Gold Declines Toward a 1-Week Low as Syrian Tensions Ease

Photographer: Dimas Ardian/Bloomberg

A customer inspects a gold bracelet at a jewelry store in Jakarta. Close

A customer inspects a gold bracelet at a jewelry store in Jakarta.

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Photographer: Dimas Ardian/Bloomberg

A customer inspects a gold bracelet at a jewelry store in Jakarta.

Gold was little changed in London, after reaching a one-week low, as prospects for an imminent attack against Syria receded. Silver rose for the first time in four days.

Gold reached a three-month high of $1,433.83 an ounce on Aug. 28, helping prices climb for a second straight month, amid concern the U.S. will take military action against Syria. U.S. President Barack Obama said on Aug. 31 he will ask members of Congress to back his plan for a military strike on Syria.

The metal slid 17 percent this year as some investors lost faith in gold as a store of value and on speculation the Federal Reserve will slow stimulus. Gold rebounded from a 34-month low of $1,180.50 in June as lower prices boosted demand for jewelry, bars and coins in Asia. Hedge funds and other large speculators are the most bullish since January and sales from bullion-backed exchange-traded products last month were the least this year.

“Uncertainty on whether or not military action will be taken against Syria has taken off some of gold’s safe-haven bid,” Joni Teves, an analyst at UBS AG in London, wrote today in an e-mailed report. “The recent move in gold positioning clearly indicates further reluctance to be short. On the physical front, activity has been quiet of late, as can be expected given elevated price levels.”

Gold for immediate delivery fell 0.2 percent to $1,392.09 an ounce by 5:09 p.m. in London, rebounding from as low as $1,373.38, the lowest since Aug. 23. It gained as much as 0.2 percent to $1,398.33. Bullion for December delivery slipped 0.3 percent to $1,391.80 on the Comex in New York.

U.S. Holiday

U.S. markets are closed today for the Labor Day holiday. Futures trading volume was 61 percent below the average for the past 100 days for this time of day, data compiled by Bloomberg showed. Bullion at the afternoon “fixing,” used by some mining companies to sell output, was at $1,392.25 in London, up from $1,391.25 this morning.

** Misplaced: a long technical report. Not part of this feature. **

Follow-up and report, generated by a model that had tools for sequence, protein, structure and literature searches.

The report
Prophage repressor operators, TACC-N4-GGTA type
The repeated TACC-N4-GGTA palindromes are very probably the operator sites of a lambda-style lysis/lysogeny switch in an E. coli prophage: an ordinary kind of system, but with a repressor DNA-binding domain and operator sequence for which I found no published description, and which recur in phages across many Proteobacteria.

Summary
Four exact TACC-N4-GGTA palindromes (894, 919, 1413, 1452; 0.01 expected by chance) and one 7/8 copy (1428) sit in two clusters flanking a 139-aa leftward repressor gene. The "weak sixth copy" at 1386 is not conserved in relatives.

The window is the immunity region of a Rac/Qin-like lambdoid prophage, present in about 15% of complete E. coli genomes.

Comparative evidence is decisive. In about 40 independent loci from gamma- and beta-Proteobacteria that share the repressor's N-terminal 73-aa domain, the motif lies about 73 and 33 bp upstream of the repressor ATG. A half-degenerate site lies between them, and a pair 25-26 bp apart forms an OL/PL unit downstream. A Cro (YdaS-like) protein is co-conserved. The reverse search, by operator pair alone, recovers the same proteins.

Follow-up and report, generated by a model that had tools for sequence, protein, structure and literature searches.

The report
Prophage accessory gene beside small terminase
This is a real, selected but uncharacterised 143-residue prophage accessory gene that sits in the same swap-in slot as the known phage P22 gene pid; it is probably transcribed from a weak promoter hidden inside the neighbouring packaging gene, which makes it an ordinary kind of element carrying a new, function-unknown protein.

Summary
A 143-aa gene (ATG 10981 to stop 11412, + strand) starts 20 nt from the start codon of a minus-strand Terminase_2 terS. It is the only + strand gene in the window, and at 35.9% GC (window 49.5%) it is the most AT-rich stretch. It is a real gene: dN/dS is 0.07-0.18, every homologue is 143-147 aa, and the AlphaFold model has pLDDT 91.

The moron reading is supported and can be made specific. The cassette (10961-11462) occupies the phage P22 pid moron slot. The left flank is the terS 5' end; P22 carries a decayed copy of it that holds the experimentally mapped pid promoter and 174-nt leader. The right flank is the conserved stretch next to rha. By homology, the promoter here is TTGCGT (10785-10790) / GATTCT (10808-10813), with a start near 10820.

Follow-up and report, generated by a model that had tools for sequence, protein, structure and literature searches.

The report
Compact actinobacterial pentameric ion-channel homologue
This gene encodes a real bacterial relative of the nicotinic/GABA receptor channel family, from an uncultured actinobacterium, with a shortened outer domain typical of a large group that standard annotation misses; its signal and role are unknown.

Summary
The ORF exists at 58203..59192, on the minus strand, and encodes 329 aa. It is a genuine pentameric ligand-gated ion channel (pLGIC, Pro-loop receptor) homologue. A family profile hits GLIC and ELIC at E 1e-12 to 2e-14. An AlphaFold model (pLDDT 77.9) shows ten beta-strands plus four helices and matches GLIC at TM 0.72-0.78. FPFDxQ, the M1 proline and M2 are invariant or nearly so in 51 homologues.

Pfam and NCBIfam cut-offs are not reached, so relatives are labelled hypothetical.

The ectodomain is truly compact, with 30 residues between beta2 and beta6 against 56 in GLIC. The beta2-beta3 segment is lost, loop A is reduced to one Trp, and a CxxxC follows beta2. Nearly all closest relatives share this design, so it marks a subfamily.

Money managers boosted their net-long position, or bets on higher prices, by 34 percent in the week to Aug. 27, as holdings of short contracts slid 37 percent, U.S. Commodity Futures Trading Commission data show. Gold-backed ETP holdings rose during the past three weeks, increasing 7.8 metric tons from a three-year low of 1,946.9 tons on Aug. 8, data compiled by Bloomberg show.

U.S. Congressional leaders have agreed to debate military action against Syria once lawmakers return from their recess on Sept. 9. Britain’s parliament last week rejected a proposed strike.

Silver Climbs

An official Purchasing Managers’ Index jumped more than estimated to a 16-month high, a Chinese government report showed yesterday. A separate PMI released today by HSBC Holdings Plc and Markit Economics rose to 50.1 last month from 47.7 in July, the largest gain since 2010. Readings above 50 signal expansion.

Silver for immediate delivery climbed 2.9 percent to $24.2045 an ounce in London, after rallying 18 percent in August, the biggest monthly gain since January 2012. Platinum was little changed at $1,522.75 an ounce. Palladium was 1 percent lower at $715.20 an ounce.

Anglo American Platinum Ltd. (AMS) will fire about 3,300 workers, and others will be redeployed or voluntarily quit, as the biggest producer seeks to revive profitability, it said Aug. 30. South Africa’s National Union of Mineworkers, which represents about 64 percent of gold miners in the country, will start a strike over pay from Sept. 3, the Chamber of Mines said on Aug. 30.

To contact the reporters on this story: Nicholas Larkin in London at nlarkin1@bloomberg.net; Glenys Sim in Singapore at gsim4@bloomberg.net

To contact the editor responsible for this story: Claudia Carpenter at ccarpenter2@bloomberg.net

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